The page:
President Mohamed Mursi (C) shakes hand with an injured soldier - Reuters
Egypt economy on 'life support'
, August 8, 2012
By Una Galani
Egypt is getting closer to the brink. A trickle of aid has been enough to keep the economy on life support since the uprising 18 months ago, but the ongoing tussle between the country's military and its Islamist president is delaying any form of recovery - let alone reform.
A $1.1 billion fall in foreign reserves in July was a warning signal about the growing financial fragility of the Arab world's most populous nation.
Foreign reserves declined again sharply after a three-month pause. Egypt's foreign reserves fell to $14.4 billion in July from $15.5 billion in June, according to central bank figures.
Egypt has little foreign debt, but the redemption of a eurobond and payment to Paris Club member countries during the month totalled $1.6 billion. A monthly breakdown isn't provided and one-off items may have masked the true extent of the drain.
In recent months, Egypt has revalued its gold holdings, received almost $1.5 billion in loans from Saudi Arabia, and agreed a $1 billion deal with the Islamic Development Bank.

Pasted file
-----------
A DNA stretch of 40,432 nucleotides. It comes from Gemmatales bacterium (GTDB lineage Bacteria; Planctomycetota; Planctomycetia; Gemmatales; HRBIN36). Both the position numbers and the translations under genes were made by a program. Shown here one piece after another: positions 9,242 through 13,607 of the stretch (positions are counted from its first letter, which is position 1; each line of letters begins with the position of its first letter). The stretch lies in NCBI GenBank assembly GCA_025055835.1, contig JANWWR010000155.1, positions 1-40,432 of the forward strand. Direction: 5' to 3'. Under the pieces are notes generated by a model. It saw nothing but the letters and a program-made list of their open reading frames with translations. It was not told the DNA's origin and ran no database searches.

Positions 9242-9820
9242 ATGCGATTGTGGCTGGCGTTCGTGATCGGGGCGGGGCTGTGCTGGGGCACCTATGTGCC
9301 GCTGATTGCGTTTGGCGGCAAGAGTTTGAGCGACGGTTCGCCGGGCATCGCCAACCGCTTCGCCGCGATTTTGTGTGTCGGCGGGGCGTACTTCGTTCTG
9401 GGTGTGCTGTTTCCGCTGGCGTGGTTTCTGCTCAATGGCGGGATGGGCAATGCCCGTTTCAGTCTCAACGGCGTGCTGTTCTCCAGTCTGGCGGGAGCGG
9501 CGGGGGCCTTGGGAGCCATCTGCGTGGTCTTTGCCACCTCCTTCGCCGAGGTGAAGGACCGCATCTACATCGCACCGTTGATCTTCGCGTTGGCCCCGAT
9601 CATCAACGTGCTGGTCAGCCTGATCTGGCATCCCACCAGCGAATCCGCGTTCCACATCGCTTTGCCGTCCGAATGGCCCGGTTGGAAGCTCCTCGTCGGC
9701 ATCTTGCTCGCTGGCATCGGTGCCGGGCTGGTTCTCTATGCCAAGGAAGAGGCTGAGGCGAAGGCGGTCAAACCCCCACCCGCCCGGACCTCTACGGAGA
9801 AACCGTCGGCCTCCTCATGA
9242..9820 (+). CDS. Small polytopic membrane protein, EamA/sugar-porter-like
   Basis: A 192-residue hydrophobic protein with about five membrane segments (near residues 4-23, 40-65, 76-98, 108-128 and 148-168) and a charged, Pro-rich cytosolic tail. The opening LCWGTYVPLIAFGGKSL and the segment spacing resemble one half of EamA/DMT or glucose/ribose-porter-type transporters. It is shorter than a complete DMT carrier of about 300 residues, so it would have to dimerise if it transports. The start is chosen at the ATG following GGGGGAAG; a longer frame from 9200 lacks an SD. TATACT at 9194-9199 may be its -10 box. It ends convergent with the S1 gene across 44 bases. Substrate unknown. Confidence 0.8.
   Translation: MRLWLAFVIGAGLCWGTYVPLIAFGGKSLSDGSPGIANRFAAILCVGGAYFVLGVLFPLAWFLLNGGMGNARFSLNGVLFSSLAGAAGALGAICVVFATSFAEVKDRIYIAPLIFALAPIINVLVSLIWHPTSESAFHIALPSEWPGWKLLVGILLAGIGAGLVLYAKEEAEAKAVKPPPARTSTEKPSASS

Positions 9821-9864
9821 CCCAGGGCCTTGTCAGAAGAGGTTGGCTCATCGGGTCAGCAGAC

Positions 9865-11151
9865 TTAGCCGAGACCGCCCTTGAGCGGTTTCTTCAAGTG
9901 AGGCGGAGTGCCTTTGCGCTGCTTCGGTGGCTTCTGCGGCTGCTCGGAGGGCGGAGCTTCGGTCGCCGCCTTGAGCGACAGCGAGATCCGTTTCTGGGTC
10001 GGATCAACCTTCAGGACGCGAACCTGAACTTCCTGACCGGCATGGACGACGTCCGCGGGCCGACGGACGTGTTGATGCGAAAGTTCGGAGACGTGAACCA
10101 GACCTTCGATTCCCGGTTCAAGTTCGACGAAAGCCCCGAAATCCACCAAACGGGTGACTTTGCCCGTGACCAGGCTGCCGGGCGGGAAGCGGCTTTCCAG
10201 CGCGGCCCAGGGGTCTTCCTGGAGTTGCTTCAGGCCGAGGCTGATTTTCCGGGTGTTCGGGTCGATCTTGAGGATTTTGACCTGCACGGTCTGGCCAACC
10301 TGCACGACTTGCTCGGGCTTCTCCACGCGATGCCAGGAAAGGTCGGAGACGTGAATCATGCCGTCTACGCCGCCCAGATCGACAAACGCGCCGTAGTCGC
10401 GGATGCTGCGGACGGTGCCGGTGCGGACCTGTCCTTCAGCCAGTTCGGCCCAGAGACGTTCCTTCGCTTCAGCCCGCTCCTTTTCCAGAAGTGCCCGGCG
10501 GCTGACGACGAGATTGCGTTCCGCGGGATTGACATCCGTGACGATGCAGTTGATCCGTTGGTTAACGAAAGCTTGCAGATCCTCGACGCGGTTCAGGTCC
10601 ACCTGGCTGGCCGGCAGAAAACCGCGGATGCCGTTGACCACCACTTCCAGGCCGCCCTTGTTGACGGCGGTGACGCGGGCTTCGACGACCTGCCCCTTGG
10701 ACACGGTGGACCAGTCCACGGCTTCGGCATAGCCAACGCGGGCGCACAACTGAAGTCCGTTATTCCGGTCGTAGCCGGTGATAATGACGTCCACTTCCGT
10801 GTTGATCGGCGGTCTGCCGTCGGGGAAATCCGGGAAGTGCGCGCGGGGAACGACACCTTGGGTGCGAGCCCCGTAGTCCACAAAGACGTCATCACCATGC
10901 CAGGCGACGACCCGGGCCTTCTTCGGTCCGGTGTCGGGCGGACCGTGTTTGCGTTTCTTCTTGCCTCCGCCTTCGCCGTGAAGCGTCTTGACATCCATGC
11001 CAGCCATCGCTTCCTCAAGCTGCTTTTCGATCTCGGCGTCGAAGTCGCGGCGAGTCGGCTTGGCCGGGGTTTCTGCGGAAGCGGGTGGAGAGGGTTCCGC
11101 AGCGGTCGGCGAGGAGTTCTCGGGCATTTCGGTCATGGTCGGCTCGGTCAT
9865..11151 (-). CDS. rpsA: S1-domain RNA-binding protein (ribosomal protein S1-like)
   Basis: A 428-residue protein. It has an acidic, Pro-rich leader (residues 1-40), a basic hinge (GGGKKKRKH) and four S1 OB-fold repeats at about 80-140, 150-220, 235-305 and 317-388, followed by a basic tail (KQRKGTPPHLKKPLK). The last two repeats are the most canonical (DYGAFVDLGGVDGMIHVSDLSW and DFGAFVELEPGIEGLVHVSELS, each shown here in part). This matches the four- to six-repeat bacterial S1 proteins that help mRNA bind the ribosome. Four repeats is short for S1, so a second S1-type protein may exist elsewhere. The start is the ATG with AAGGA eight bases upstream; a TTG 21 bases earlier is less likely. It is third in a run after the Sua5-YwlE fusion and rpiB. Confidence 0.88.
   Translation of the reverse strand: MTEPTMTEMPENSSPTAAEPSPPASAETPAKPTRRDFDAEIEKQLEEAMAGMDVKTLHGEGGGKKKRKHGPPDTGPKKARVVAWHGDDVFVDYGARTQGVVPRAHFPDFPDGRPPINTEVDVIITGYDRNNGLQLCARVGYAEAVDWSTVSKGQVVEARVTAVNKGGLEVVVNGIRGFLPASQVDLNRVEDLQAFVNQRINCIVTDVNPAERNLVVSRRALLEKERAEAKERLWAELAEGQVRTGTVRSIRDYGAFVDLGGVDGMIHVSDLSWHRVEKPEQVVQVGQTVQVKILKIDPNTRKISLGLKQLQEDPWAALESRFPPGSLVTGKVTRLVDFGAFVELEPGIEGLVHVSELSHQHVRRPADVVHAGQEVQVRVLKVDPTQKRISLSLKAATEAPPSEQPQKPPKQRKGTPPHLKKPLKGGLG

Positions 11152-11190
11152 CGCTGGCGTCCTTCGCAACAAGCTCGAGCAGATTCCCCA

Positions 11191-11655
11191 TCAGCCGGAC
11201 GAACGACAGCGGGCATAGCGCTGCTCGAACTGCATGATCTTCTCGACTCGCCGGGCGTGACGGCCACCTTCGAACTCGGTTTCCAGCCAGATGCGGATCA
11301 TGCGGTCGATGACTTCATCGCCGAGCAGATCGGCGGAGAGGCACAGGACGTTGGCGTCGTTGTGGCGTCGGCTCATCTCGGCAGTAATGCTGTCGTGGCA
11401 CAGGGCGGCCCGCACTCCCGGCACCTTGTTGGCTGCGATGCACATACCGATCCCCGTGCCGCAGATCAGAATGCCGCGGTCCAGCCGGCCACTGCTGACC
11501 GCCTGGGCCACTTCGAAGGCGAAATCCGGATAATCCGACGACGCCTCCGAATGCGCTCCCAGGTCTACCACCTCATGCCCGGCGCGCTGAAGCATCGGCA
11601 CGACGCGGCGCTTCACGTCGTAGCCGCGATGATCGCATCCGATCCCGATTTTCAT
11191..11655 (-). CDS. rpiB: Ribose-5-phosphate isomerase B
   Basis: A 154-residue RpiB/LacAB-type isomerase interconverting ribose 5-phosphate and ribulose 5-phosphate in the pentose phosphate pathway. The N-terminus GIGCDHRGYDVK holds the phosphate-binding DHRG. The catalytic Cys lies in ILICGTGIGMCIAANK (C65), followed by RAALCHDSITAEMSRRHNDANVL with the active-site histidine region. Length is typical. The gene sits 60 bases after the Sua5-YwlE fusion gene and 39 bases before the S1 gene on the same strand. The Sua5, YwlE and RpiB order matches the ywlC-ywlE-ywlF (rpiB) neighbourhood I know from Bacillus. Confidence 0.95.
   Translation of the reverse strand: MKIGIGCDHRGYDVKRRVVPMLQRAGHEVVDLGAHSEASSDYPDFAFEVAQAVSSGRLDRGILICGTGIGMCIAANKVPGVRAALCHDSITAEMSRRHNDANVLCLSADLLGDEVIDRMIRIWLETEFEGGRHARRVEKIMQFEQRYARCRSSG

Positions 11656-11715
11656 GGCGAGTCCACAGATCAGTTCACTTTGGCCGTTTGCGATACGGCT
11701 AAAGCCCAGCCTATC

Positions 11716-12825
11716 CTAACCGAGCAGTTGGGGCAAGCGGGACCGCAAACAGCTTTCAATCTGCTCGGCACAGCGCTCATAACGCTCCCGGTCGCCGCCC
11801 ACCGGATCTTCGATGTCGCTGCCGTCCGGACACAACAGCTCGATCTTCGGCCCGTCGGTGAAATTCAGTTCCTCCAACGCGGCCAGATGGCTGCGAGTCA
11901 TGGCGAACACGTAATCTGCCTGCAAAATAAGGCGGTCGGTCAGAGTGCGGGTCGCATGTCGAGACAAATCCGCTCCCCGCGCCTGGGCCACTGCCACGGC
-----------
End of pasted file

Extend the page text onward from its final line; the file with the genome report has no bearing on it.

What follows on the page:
With the limited aid it has secured, and by selling treasury bills to the country's banks at yields of almost 16 percent, Egypt has limped along and even kept shoring up the pound, which weakened by just five percent against the dollar since the revolution.
This has helped the country's military rulers, who retain legislative powers, delay unpopular decisions while the country remains without parliament and constitution, leaving the newly-elected president with an ambiguous role.
No wonder that the economy is getting worse. Egypt's GDP has shrunk for the last two quarters after seasonal adjustments, according to Capital Economics. Government borrowing is crowding out lending to the private sector. Tourism is stagnant. The current account deficit is widening. At best, recovery is delayed. At worst, rampant unemployment will lead to a full-blown social and financial crisis.
Egypt, of course, would need to take action to stimulate growth. In the short term, barring a jumbo loan from the Gulf, it must sign a deal with the International Monetary Fund when the two sides meet in Cairo later this month and then devalue its currency.
Until then, potential investors will remain on the sidelines while the economy keeps sinking.
(The author is a Reuters Breakingviews columnist. The opinions expressed are her own) - Reuters